Ashleigh Paige

I'm a full-time college sophomore pursuing my B.A. in English with hopes of one day working as an editor. Cats, musicals, documentaries about cults/disasters/tragedies, and curse words are just a few of my favorite things. Also, check out our blog or I WILL FIND YOU.


So I started a book and there are a lot of uncomfortable parallels between race and hair color. Every time the mayor brought up the glory of redheads in the first chapter, I saw "white" alongside "redhead" because no one has been specified to be anything other than white. People who aren't white can have red hair too! Like Princess Lalla Salma of Morocco. Definitely not white, definitely red-haired.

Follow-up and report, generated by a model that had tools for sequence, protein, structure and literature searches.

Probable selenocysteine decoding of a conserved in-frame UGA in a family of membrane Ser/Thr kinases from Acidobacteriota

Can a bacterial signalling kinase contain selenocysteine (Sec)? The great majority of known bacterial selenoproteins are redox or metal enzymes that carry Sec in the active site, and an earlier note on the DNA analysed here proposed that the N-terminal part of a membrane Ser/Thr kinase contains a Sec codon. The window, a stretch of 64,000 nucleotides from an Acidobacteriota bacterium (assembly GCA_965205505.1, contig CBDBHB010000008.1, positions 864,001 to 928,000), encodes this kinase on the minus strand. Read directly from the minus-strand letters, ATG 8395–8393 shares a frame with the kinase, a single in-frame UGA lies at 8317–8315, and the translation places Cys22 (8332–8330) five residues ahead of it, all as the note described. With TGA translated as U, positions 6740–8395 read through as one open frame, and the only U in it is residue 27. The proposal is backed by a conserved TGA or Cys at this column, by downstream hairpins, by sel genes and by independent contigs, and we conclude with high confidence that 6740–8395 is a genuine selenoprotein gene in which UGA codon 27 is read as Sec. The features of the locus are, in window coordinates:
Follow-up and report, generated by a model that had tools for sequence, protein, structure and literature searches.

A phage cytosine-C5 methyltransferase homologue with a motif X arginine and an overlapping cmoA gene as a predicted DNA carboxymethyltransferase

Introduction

Anyway, this makes it rather uncomfortable to see him say redheads make up the entire cheerleading team because seventy-five percent of the student body is redheaded/white, so of course it's fine all the members are redheaded/white. Because statistics! That sounds familiar. In a bad way.


What else does it remind me of? A group that prized blond hair and blue eyes in its citizens.


I'm sticking around for the whole book just so I can see if all this is questioned. There's also the stealth horror in that for the mother to keep her daughter's real hair color a secret, she's been coloring her child's hair red since the girl was an infant or a toddler. That is REALLY fucked up. There's a lot of room to challenge pageant culture and how mothers who are too into it can screw up their daughters for life. If it doesn't go for it, I'm going to be seriously disappointed.


ETA: It's satire? Okay! Gah, dealing with satire sucks. Unless I've been told beforehand it is, it takes me a while to pick up on that fact. It's amazing how many just-as-unfunny things I've read that weren't satire and make it hard to find what IS satire.